Olivia deHavilland passed away over the weekend. At age 104, she was officially the eldest “celebrity crush” I’ve ever had.
Looking back, I probably first saw her in Airport ’77, a lame film even by the low standards of 70s disaster flicks. As the middle-aged “Worried Passenger #28” or whatever, she made far less of an impression on 12-year-old me than a drowned Christopher Lee floating past the window of a sunken 747. It wasn’t until the 90s that I “discovered” Olivia in all her youthful glory, opposite Errol Flynn in Captain Blood, and THAT made an impression. It’s a cliche to say a performer “lights up the screen,” but in her case it fit, as there was a genuine luminance to her features and perfomance, all the more remarkable given she was only 19 years old at the time.
If Flynn was, on screen anyway, the perfect hero — dashing, honorable, courageous, a leader of men, then Olivia was his ideal match: beautiful, elegant, virtuous and in her own, less flashy way, heroic as well. Their chemistry was undeniable; whether in medievel Sherwood, 1700s Jamaica or 1800s Dodge City, they were drawn together as if reincarnated through the ages to continue a love affair that stretched over multiple lives. It was only in 20th Century real life they couldn’t make it work, although Flynn at least seemed to wish it.
Of course, Olivia would go onto much bigger and better things than playing “The Girlfriend,” winning two Academy Awards (for whatever that’s worth), no thanks to studio boss Jack Warner, who would’ve been happy to keep her in period epics and romantic comedies as “the girl” forever, if he could. Loaned out to MGM for Gone With The Wind, she finally had a chance to show greater range, and like everyone else associated with that film achieved a level of immortality. Even now, she may be best remembered as “the last surviving star of Gone With The Wind,” which is ironic as I find her “Melanie” character as maddeningly “goody-goody” as Scarlett O’Hara was insufferably rotten. Scarlett may have been conniving and selfish, but at least she was a survivor. Melanie, in comparison, was too sweet and pure and angelic to survive the harsh realities of Earth.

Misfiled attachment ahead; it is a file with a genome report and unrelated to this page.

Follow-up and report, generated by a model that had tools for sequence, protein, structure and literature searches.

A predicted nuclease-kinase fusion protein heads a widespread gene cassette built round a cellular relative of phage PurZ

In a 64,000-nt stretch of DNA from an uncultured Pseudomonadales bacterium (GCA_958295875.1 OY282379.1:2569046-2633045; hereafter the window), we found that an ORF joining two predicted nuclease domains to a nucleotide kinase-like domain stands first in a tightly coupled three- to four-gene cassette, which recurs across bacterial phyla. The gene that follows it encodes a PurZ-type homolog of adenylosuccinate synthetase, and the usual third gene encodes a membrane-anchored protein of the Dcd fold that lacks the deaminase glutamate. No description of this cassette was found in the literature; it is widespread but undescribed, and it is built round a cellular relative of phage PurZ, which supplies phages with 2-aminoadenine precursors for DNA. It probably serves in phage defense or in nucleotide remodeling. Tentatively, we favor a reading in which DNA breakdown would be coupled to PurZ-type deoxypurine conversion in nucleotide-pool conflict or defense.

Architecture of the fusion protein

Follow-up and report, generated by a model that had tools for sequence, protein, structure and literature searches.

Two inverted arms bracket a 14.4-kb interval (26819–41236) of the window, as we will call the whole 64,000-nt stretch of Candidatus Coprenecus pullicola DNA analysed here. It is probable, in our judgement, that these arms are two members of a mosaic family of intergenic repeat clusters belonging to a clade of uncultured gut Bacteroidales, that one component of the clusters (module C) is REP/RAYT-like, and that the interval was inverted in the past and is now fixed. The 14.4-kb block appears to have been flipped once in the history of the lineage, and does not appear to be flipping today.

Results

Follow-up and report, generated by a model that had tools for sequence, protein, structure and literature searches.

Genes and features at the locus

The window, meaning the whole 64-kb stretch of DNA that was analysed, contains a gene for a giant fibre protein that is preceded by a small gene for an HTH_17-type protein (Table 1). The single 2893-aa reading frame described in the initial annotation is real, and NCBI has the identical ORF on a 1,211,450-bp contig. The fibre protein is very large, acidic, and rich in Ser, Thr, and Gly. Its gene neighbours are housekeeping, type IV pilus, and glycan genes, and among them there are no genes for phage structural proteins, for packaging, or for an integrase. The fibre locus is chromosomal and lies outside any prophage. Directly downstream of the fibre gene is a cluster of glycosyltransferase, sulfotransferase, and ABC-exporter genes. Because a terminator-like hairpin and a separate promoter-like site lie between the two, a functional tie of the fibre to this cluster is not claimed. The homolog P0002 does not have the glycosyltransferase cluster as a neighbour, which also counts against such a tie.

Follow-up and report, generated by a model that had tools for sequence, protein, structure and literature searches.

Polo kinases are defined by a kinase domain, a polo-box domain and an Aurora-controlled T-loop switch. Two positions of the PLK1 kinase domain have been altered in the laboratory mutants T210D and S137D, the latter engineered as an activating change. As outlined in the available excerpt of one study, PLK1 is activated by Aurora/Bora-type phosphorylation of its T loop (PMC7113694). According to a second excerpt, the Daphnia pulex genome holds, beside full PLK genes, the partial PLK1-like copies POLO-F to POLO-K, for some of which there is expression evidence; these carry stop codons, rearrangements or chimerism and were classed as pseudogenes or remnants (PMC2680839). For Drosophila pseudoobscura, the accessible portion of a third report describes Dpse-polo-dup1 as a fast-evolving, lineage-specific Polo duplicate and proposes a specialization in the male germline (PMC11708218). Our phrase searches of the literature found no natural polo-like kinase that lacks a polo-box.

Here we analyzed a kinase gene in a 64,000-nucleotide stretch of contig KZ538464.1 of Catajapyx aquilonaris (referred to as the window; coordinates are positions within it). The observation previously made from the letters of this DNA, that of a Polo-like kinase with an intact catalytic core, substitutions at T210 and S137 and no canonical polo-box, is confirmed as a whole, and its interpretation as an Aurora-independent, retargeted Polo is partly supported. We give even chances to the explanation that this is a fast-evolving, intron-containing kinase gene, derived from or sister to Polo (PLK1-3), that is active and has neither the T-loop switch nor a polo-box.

The real Olivia was made of sterner stuff, outliving all her peers from the Golden Age of Hollywood (more than twice as long as Flynn!) and going toe-to-toe with Jack Warner — a guy who’d successfully shoved around the likes of Jimmy Cagney and Bette Davis — to win her freedom from an unreasonable contract, in the process driving a stake through the studio system and empowering generations of performers to act as free agents. At 103, she was in the news again, suing a production company for defamation and striking a blow, in her way, for all her old comrades who are “fair game” for any scriptwriter to slander now that they’ve passed on.
So yeah, I know Olivia was formidable, and super-competent, and feisty to the end. But I confess I’ll always love her best as “the girlfriend,” provided the “boyfriend” was Flynn. Over his career, Errol was paired with fine leading ladies like Anne Sheridan, Rosalind Russell, Barbara Stanwyck, Bette Davis and Alexis Smith, but for most of us, there was Olivia and then there was everyone else. When Errol and Olivia were on screen together, you believed they were meant for each other, and when Errol went into battle, you believed Olivia was the woman he’d risk everything for.
In fact, my favorite on-screen moment between the two comes in a pre-battle scene in They Died With Their Boots On. Technically an “action picture” (which does have great action scenes) and a “bio-pic” (which isn’t even remotely close to historically accurate), in the end what holds the film together is the romance between George and Libby Custer, from their first meeting at West Point through a humorous courtship and a loving, sometimes difficult marriage to their final, heartbreaking separation on the eve of the Little Big Horn. This was the last of Errol and Olivia’s eight films together, as Olivia was anxious to move on to other things. In a weird nexus of fact and fiction, their characters’ goodbye scene was the last scene the stars ever filmed together, and it’s hard not to read extra layers into it: it was “meta” before “meta” was a thing.
Errol as Custer puts on a brave face as he heads out on a mission he knows he’ll never return from, while Olivia as Libby plays the role of dutiful wife to the end, equally certain of what’s ahead but knowing her husband needs her to be brave one last time. It’s a masterful performance of a great script, where what’s not said is as important as what is. Again, it has a “meta” feel to it, as the stars say goodbye to each other through scripted lines, speaking as other people. Legend has it that even decades later, Olivia had to excuse herself from a screening of the film as this scene approached, unable to watch it without breaking down. I can sympathize; I never get through it with a dry eye, either.
104 years is a great run, but there are certain folks you dread to read that last headline about, even though all logic tells you it’s coming. There was a certain comfort knowing that somewhere out there (usually France) was a living link to the Golden Age of film, the girl who inspired heroes to great deeds and the woman who struck bold blows, herself. Plus, it was an odd kind of fun, crushing on a centenarian. Godspeed, Dame Olivia, and thanks.